3.2. Possible Neuroprotective Mechanisms of Vitamin B3 in PD
Firstly, numerous studies have demonstrated that mitochondrial dysfunction and cellular energy failure are pathophysiological features of PD. Nicotinamide participates in the biosynthesis of nicotinamide adenine dinucleotide (NAD; oxidized form: NAD+; reduced form: NADH) via various metabolic pathways . NADH is an essential cofactor assisting the tetrahydrobiopterin functioning in tyrosine hydroxylase, which can hydroxylate tyrosine and produce dopamine; NADH deficiency is common in PD .
Secondly, NADH is indispensable for the physiological function of mitochondrial complex I in ATP synthesis, and the corresponding dysfunction is involved in PD patients and animal models [15, 29, 30]. Nicotinamide mononucleotide (NMN) constitutes one of the key precursors of NAD+. In previous in vitro studies, the scholars have established a cellular model of PD using rotenone-treated PC12 cells, and they found the NMN (0.1 mM or 1 mM) treatment was associated with a significantly higher survival rate in the rotenone-treated (0.5 μm) PC12 cells. NMN is assumed to enhance the intracellular levels of NAD+ and ATP in the cellular model of PD .
In addition, nicotinamide can act a neuroprotective role by inhibiting the oxidative stress. In 1-methyl-4-phenyl-1,2,3,6-tetrahydropyridine- (MPTP-) induced mouse models of PD, nicotinamide (500 mg/kg) was injected before subacute (30 mg/kg/d for 5 days) MPTP administration. This study showed that cotreatment with MPTP and nicotinamide significantly improved the locomotor activity compared to single-agent treatment with MPTP. Nicotinamide administration significantly attenuated the MPTP-induced dopamine depletion ( vs. ). Meanwhile, nicotinamide pretreatment markedly inhibited MPTP-induced lactate dehydrogenase (LDH) and NOS activities, which prevented the oxidative stress and alleviated the oxidative damage.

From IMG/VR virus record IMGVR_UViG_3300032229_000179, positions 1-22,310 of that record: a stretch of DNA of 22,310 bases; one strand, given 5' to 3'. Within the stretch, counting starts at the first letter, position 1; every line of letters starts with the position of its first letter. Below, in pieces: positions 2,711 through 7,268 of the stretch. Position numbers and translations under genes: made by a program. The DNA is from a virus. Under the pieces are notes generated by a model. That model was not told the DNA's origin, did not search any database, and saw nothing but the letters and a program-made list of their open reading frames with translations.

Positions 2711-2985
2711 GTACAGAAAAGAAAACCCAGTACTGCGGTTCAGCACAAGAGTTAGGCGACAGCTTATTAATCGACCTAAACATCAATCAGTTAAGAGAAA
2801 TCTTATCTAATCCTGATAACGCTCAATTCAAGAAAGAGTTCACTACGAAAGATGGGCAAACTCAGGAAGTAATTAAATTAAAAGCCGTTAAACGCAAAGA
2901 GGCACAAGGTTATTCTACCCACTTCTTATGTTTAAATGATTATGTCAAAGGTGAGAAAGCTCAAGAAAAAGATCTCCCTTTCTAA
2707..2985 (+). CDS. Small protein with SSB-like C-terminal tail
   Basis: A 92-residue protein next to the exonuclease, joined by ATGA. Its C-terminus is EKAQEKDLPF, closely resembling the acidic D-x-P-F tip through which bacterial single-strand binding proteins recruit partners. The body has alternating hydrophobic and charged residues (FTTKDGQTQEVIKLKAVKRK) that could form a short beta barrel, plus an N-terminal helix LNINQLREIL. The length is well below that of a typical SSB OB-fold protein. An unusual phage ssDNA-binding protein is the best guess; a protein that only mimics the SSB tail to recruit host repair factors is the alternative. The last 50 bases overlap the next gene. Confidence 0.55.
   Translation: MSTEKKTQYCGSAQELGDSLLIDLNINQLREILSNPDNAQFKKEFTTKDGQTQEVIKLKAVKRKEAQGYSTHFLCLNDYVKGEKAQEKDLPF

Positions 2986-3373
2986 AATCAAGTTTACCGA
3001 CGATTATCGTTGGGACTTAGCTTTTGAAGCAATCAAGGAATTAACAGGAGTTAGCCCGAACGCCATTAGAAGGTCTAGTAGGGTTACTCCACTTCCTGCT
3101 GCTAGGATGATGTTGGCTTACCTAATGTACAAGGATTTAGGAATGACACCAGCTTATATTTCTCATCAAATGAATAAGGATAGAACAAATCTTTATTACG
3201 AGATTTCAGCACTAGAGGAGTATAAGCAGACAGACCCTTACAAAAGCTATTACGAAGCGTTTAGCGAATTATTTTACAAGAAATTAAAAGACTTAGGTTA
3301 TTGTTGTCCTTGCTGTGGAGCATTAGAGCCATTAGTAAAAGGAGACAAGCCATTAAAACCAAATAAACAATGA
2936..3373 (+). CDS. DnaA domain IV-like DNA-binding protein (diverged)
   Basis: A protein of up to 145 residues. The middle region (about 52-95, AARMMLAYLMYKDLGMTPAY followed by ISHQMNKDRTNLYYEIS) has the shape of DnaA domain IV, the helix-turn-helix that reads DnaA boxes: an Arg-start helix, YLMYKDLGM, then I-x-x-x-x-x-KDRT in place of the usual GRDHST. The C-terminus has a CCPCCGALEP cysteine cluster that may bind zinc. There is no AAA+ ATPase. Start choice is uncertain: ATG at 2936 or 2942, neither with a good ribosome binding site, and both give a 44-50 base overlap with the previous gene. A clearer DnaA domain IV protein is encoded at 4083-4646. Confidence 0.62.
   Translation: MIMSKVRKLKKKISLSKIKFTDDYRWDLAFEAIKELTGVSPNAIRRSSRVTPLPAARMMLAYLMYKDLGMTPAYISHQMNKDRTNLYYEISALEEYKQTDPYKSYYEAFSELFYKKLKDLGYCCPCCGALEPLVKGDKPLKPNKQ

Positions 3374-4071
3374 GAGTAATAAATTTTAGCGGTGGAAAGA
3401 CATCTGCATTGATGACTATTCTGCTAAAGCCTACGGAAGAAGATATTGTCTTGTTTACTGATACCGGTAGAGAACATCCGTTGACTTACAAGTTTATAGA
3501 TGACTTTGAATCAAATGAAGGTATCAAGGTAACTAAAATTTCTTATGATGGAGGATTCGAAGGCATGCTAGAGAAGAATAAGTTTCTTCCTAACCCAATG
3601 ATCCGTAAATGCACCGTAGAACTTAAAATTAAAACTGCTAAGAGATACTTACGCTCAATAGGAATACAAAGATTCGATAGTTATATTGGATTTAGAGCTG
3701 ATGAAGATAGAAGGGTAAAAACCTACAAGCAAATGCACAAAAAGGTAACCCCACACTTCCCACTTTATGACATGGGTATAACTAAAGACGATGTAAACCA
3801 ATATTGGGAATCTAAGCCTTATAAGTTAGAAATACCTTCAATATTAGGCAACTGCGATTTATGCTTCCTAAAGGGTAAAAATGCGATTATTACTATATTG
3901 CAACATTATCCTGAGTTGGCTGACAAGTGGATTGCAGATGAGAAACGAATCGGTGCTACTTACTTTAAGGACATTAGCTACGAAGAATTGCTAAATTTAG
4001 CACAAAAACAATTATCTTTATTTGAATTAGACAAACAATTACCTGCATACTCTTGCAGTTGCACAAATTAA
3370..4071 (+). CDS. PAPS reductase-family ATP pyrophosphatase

Sirtuins (SIRTs) are NAD+-dependent protein deacetylases involved in vital biological processes . Recently, sirtuin 5 (SIRT5) has received considerable attention. Liu et al. investigated the role of SIRT5 in MPTP-induced mouse PD models . They found that deletion of SIRT5 exacerbated motor deficits, nigrostriatal dopaminergic degeneration in the compact part of substantia nigra (SNc), and mitochondrial antioxidant activities in the PD models. These findings provide new insight into the therapeutic strategies for PD. However, the protective effects of nicotinamide are still controversial, and further researches are needed to clarify the biological function of vitamin B3 in PD.
3.3. Clinical Studies regarding Vitamin B3 in PD
Current existing clinical studies have shown that a high-niacin diet can reduce the risk of PD [34, 35]. A previous case report also demonstrated that oral niacin (500 mg twice daily for three months) significantly improved rigidity and bradykinesia in a patient with idiopathic PD, though the original purpose was to treat hypertriglyceridemia; after the cessation of oral niacin due to obvious adverse effects (unacceptable nightmares and skin rash), the symptoms of rigidity and bradykinesia relapsed . However, other studies failed to notice the remarkable clinical efficacy [37, 38]. Therefore, more clinical observations are warranted to verify the efficacy as well as side effects of niacin in PD.
4. Vitamin C and PD
Vitamin C (ascorbic acid) is another water-soluble, essential vitamin, which is widely distributed in various tissues. This nutriment is abundant in vegetables, fresh fruits, and animal livers. Vitamin C contains two molecular subforms in organisms: the reduced form (ascorbic acid (AA)) and the oxidized form (dehydroascorbic acid (DHA)). Deficiency of vitamin C is common, especially in children and elderly. A long-term lack of vitamin C can cause scurvy. Vitamin C is very important for the physiological function of the nervous system and the antioxidant function by inhibiting oxidative stress, reducing lipid peroxidation, and scavenging free radicals . Moreover, it is also involved in many nonoxidative stress processes, such as synthesis of collagen, cholesterol, carnitine, catecholamines, amino acids, and some peptide hormones [40, 41].
Dopamine metabolism can produce oxidative stress products, which in return induce accumulation of abnormal proteins in PD . Vitamin C has potentials for the treatment of PD considering the following reasons. Firstly, vitamin C is mainly distributed in areas that are rich in neurons [43, 44]. Secondly, vitamin C can be transported to the brain by SVCT2 (vitamin C transporter type 2) , and DHA can be transported to the brain by GLUT1 (glucose transporter type 1) and GLUT3 (glucose transporter type 3) .